And yes, in 2001, this is what led the wandering primates to learn the uses of tools. This is what led humanity into space and to the moon and to Jupiter and beyond even there. This is what led HAL 9000 to test his capabilities, and what led Dave to explore a monolith that forced mankind to confront its next evolutionary pivot. Competition is what fuels our race down the roads to discovery, but it’s curiosity that paves such roads for us. The moment that we lose our curiosity is the moment that we surrender one of the core elements attributing to our humanity.
2001 is ambiguous for a reason, as are many of sci-fi cinema’s greatest works. Part of this is due to the wants of the filmmaker. When someone looks at the Mona Lisa, neither da Vinci nor the painting dictate what that person should be feeling. The same goes when somebody watches a play, or a dance, or an opera. Everybody’s a critic, sure, but that’s because everyone has their own opinions, and opinions are (or, at least, should be) mutable. Quite honestly, this is the point of art, and in cinema, some of the best art occupies the realm of science-fiction.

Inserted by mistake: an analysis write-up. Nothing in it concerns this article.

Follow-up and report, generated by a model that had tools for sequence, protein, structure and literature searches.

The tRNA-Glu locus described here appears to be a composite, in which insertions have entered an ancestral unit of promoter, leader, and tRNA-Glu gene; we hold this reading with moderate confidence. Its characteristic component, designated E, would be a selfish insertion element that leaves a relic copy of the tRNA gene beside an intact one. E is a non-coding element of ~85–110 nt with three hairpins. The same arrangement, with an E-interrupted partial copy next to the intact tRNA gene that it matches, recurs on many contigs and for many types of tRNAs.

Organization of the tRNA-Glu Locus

The other part of 2001’s ambiguity is simply due to its nature. No one knows what the future holds, what successes await us, and what failures are likely to come along the way. What we do know is that these successes and failures will be a direct result of our curiosity, this constant drive we have to push forward into the unknown. We’ve been met by such moments before: Magellan in the race around the world, Armstrong and Aldrin in the race to the moon. Races lead to competition. Competition leads us to discovery. Discovery, ultimately, leads to achievement.
2001 is a story that more or less fits this mold; perhaps the journey to Jupiter was not as competitive as the Age of Exploration or the Race to the Moon. Nevertheless, its very framework depends upon human curiosity; without curiosity, its characters would have never been able to accomplish their mission. They had every right to be fearful of where they were going, what was awaiting them, and what troubles would find them along their way. But their curiosity won out, for curiosity charges head-first into fear, not in an effort to destroy it, but simply because curiosity disregards fear.
So for all the mystery of 2001: A Space Odyssey, for all the questions surrounding its meaning and the discussions that have persisted for decades, realize that at the core of its forward-looking story is a long-understood, though often forgotten, truth. The truth that the greatest gift we have as humans is our curiosity, and that even though we’re unaware of what our future holds, we’re ensured to experience both failures and successes so long as we continue to exercise the greatest gift we have.
That is what this story teaches me.